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Updated 18 August 2017 3:32pm

Aug 2017 - Spraying in QEP

Frequently Asked Questions

1. Why are GWRC spraying in Queen Elizabeth Park?

2. What kinds of spraying is carried out on QEP and why?

3. Are the chemicals and herbicides used, safe?

4. Which chemicals or herbicides are used?

5. Are there alternatives to spraying?

6. Are the spraying methods GWRC use safe?

7. Can herbicides/sprays harm waterways and other fauna?

8. What are the different types of spraying?

9. How does GWRC tell the community when spraying is taking place and when?

 Q1: Why are GWRC or our licence holders spraying in Queen Elizabeth Park?

There are a range of reasons why we or our licence holders spray invasive weeds. Queen Elizabeth Park (QEP) is such a large area of land, so spraying is used for different reasons in various parts of the park.

We spray herbicides to:

  • tackle the growth of longstanding and widespread exotic invasive weeds in the park, such as Gorse, Blackberry, Lupin.
  • prevent the weeds from overwhelming the park environment and dominating native plants and/or pasture.
  • prepare parts of the park for planting and provide protection until the trees grow enough to out-compete the weeds. Each year volunteers and our staff plant more than 12,000 native trees at QEP, so it is important to prepare the ground by spraying planting spots with glyphosate to kill the grass so that young plants are able to thrive throughout the park.
  • renew pastures on the farmed area to increase productivity. At QEP large areas are sown in plantain (a herb) clover and other pasture and spraying avoids the drawbacks of ploughing (erosion, burying beneficial organisms, exposing gorse seeds to light and encouraging germination).
  • protect walking tracks and sealed areas, from being damaged by weeds growing through the surface and by water damage as weeds prevent tracks drying out.

 Q2: What kinds of spraying is carried out on QEP and why?

GWRC employs staff or contractors to carry out primarily ground based spraying using “gun and hose” machines, mainly from vehicles, to target specific weeds in retired areas, to free up water flow in streams, or to maintain park infrastructure.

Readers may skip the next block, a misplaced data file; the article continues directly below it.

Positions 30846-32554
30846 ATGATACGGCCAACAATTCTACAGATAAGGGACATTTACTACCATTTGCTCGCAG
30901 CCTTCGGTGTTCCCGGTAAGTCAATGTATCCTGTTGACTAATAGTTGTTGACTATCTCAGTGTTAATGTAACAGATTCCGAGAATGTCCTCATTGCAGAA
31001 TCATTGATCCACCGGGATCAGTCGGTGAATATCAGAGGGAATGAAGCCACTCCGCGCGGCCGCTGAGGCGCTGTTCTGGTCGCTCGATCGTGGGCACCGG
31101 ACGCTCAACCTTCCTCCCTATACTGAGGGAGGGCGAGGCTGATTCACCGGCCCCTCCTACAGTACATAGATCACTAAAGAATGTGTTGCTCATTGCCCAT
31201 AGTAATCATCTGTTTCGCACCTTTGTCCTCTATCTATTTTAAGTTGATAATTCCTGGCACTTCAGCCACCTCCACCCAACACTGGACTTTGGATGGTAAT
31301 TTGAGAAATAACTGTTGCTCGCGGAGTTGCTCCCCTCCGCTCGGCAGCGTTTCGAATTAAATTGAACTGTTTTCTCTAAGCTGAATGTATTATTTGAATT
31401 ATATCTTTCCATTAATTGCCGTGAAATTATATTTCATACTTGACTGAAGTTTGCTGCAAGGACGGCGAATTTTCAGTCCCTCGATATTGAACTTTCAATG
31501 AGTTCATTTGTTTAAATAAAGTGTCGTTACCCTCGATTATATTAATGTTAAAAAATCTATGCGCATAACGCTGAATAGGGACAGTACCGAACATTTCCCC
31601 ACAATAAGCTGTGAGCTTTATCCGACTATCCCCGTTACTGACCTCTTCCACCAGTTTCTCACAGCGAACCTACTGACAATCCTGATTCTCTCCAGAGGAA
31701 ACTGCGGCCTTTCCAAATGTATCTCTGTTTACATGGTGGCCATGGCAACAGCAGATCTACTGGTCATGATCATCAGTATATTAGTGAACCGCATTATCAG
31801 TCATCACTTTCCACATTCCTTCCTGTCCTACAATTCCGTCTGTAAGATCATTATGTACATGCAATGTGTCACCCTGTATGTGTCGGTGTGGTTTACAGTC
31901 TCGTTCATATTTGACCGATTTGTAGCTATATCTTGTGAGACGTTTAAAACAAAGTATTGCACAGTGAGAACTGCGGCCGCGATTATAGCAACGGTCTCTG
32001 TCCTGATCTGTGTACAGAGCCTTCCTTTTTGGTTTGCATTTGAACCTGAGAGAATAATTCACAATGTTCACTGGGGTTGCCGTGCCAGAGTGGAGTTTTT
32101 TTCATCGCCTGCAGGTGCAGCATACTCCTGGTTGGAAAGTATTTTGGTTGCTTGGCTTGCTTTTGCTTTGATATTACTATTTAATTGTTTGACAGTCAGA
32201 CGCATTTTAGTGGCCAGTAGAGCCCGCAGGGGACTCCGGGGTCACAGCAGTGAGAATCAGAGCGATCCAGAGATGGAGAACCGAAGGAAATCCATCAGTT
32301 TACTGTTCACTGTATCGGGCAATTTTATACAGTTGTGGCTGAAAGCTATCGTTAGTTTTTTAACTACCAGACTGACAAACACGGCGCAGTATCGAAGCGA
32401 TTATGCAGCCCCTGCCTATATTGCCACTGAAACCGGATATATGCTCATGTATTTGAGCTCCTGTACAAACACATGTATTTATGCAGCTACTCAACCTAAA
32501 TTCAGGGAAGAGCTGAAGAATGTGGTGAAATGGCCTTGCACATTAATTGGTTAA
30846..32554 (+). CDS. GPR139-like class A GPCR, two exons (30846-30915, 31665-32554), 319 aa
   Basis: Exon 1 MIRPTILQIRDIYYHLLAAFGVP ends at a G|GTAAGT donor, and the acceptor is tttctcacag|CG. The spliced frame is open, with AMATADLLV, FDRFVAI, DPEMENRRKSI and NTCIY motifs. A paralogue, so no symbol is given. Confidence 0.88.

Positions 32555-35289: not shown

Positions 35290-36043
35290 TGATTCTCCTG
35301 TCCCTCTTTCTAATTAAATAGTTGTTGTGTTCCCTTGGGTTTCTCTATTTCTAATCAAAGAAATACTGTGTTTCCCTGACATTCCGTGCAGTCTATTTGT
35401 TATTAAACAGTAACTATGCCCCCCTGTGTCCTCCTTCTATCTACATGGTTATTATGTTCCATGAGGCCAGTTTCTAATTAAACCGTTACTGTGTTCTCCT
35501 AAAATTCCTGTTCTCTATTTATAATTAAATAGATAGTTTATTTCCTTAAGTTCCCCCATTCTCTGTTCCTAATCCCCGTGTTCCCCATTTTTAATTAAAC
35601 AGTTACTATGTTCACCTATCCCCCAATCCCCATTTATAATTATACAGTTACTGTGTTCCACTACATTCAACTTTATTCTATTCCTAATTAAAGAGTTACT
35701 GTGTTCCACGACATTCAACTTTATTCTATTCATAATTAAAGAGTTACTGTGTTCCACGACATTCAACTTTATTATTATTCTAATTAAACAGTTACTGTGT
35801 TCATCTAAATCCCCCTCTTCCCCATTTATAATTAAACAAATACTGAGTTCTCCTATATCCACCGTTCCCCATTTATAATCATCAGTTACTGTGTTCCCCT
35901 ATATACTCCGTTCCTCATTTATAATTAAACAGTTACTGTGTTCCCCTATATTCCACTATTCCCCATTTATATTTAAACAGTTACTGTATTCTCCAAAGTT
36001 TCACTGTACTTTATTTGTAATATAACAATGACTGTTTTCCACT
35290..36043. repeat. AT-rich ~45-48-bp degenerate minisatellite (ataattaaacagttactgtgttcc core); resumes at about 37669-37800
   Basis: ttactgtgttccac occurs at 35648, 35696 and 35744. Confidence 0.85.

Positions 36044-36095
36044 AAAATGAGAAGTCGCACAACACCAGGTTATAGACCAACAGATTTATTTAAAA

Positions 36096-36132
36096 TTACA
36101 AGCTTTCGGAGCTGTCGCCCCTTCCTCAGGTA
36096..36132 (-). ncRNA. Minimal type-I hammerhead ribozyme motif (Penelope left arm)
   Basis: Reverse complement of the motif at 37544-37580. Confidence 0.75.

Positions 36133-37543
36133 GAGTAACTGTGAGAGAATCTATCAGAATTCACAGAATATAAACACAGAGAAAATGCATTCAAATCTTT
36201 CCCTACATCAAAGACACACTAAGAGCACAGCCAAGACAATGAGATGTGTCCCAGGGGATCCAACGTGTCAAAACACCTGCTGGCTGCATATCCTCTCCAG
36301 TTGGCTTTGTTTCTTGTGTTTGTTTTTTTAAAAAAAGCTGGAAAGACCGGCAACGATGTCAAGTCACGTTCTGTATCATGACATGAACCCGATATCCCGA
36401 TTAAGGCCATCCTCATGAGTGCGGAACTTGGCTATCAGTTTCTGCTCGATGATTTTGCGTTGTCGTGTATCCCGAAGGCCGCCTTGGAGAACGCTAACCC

For very large weed infestations we are working with the Friends of QEP to understand and address community concerns around aerial spraying so that these weeds can be effectively controlled. Staff or contractors may also use backpack spraying to deal with small scale infestations.

Our farm licence holder may carry out ground based spraying using tractor booms as part of the pasture renewal programme. A key reason for doing this is to kill the grass growing in certain places so new grass can grow without competition. Often a different species of grass is planted that is better suited to Kapiti weather conditions to deliver better nutrition to the animals grazing on it.

There are no practicable alternatives to spraying in these early stages of pasture renovation. It is the most effective and efficient way to rehabilitate areas of land as large as QEP

Our farmer and pony club licence holders also use “gun and hose” spraying to control localised and accessible weeds such as gorse and lupin.

Despite the willingness of the Kapiti community there aren’t enough volunteers to manage the arduous work required to renew all the pastures in the park. Similarly, it would not be feasible for farm practices to maintain a significant workforce to manually cut or grub weeds – many of which are several metres high.

 Q3: Are the chemicals and herbicides used, safe?

Yes. We strictly adhere to all legislation, standards and protocols designed to protect you, your community and the environment from potentially negative effects associated with these chemicals. This is of the utmost importance to Greater Wellington Regional Council.

All herbicides for sale in New Zealand have been assessed and approved for use by the Environmental Protection Authority (EPA) and are strictly regulated.

Additional legislation we abide by includes:

 Q4: Which chemicals or herbicides are used?

Because of the wide range of weeds present across QEP, we use a number of different herbicides as part of control methods. Examples include:

  • Roundup (Glyphosate): we use glyphosate based chemical that has other trade names
  • Weedmaster
  • Conquest
  • Headstart
  • Kamba 500
  • Prestige
  • Sequence
  • Sharpen
  • Thistrol Plus
  • Metsulfuron (metsulfuron methyl)
  • Terminate
  • Picloram

The insecticides used include:

  • Ampligo
  • Sparta

 Q5: Are there alternatives to spraying?